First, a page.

NEWS & EVENT

BOSTON25NEWS: Lawsuit alleges app TikTok

Administrator
4 Dec 2019


One of the biggest social media apps is facing breach of privacy allegations in a recent lawsuit.

Chinese app TikTok is being accused of accessing a U.S. user's personal information to create an account for her without her consent.

The app, commonly used by teenagers to produce "15-second videos of fun activities like dancing, lip-syncing and stunts" has also become one of the most downloaded and popular apps in the United States.

The class action lawsuit, filed by California college student Misty Hong last week, claims TikTok "clandestinely... vacuumed up and transferred to servers in China vast quantities of private and personally-identifiable user data".

Hong says that, while she downloaded the app, she never made an account. Months later, she found out the app had created one for her, which she believes was only possible by the app accessing stored data in her cellphone such as her location, contacts, private messages and IP address.

According to the student, TikTok also sent that information to servers in China.

"In short, TikTok's lighthearted fun comes at a heavy cost," the lawsuit says.

Cybersecurity experts say they are concerned about the allegations in the lawsuit, where many have been calling it a threat to national security.

"Anything can be weaponized in the digital society," said Dr. Kyung-Shick Choi, Director of Cybercrime and Cybersecurity at Boston University. "So our information can be used against us. There are so many possibilities that can be used and that's my major concern. It's happening all the time but again, I couldn't believe a huge company like TikTok - they're actually doing it - it's a big surprise."

Dr. Choi works with law enforcement and the U.S. government on fighting cyber crime, but even he was surprised to find out the allegations against TikTok.

"In terms of national security concerns this is a very important case," said Dr. Choi.

The lawsuit alleges the data collected by the app could be used to identify, profile and track users, whether that happens now or in the future.

While the allegations are concerning and users everywhere should be aware of the dangers the app poses, Choi says there are ways you can protect either yourself or others who use the app.

Users are urged to go to their phone settings, chose the TikTok app and disable app access to your location, contacts, camera and photos.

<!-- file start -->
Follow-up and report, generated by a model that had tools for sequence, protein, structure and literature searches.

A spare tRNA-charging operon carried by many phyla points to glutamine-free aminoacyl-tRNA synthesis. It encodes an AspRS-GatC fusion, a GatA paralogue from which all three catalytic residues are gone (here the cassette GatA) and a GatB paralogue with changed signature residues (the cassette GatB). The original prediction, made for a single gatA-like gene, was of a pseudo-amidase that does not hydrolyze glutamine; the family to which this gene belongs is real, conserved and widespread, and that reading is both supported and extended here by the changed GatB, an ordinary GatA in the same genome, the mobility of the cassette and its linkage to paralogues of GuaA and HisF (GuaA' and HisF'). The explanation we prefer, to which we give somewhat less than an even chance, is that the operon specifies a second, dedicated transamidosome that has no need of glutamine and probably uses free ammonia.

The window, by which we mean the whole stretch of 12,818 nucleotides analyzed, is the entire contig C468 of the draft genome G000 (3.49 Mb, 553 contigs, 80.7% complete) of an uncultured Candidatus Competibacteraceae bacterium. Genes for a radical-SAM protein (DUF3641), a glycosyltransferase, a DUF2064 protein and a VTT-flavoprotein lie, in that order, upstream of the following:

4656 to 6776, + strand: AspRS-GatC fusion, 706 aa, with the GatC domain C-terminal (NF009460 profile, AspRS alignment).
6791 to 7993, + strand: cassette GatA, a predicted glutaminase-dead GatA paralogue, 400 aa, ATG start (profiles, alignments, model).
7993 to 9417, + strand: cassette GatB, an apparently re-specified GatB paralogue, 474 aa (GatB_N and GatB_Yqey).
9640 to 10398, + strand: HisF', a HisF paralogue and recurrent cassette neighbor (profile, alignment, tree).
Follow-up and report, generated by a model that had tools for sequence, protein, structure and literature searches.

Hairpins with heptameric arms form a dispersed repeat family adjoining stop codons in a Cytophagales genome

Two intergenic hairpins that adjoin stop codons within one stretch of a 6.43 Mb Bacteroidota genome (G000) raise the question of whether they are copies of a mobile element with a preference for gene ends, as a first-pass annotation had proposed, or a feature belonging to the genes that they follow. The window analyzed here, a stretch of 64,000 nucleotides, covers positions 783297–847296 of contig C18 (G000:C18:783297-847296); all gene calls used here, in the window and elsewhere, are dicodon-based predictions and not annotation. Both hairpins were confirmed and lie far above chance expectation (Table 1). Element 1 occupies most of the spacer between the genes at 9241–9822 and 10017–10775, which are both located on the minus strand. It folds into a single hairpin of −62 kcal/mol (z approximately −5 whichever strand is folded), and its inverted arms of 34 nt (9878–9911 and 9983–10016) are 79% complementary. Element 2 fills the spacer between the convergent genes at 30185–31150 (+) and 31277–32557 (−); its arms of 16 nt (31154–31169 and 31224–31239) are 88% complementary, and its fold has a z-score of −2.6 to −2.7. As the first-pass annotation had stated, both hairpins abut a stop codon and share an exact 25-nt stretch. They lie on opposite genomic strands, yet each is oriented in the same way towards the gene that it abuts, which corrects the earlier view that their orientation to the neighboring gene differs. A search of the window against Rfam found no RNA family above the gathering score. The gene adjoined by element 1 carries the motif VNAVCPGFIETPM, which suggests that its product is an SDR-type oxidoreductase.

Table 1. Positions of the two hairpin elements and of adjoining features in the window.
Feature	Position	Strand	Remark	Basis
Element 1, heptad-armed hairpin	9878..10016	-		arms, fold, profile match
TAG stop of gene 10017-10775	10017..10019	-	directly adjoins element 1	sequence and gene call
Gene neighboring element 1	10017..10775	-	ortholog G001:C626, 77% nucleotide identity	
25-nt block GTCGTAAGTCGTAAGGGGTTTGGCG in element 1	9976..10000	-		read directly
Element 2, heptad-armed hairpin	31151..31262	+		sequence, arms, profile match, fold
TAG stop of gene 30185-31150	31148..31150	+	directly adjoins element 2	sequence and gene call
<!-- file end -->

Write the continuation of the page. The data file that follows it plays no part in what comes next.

"If you allow privilege using this app to allow to see pictures and everything of course you are fully exposed," said Dr. Choi.

In a bi-partisan letter written in October, U.S. senators asked the director of national intelligence to conduct an assessment of the national security risks posed by the app.

Boston 25 News has reached out to TikTok for a statement but has not heard back.

However, representatives for the app have previously said that all data collected from U.S. users is stored in their U.S. databases.

The app has recently come under fire for blocking a U.S. teenager after she posted a video criticizing China's treatment of the Uighur Muslims.

Center for Cybercrime Investigation
and Cybersecurity

Director : Kyung-shick Choi
Main Office : 46 Warren Ave, Milton, MA 02186

Training Center : 30 JFK Street (3rd Floor), Cambridge, MA 02138

TEL :  617-358-2807  |  FAX : 617-358-3595
EMAIL : admin@centercicboston.org


Copyright 2018 Center for CIC | Resource Guide for Global Cybersecurity Research & Training | All Rights Reserved |
Privacy at Center for CIC

CONTACT US

admin@centercicboston.org

Center for Cybercrime Investigation and Cybersecurity

Director : Kyung-shick Choi  |  Main Office : 46 Warren Ave, Milton, MA 02186
Training Center : 30 JFK Street (3rd Floor), Cambridge, MA 02138

TEL :  617-358-2807  |  FAX : 617-358-3595  |  EMAIL : admin@centercicboston.org


Copyright 2018 Center for CIC  | Resource Guide for Global Cybersecurity Research & Training | All Rights Reserved
Privacy at Center for CIC

CONTACT US

admin@centercicboston.org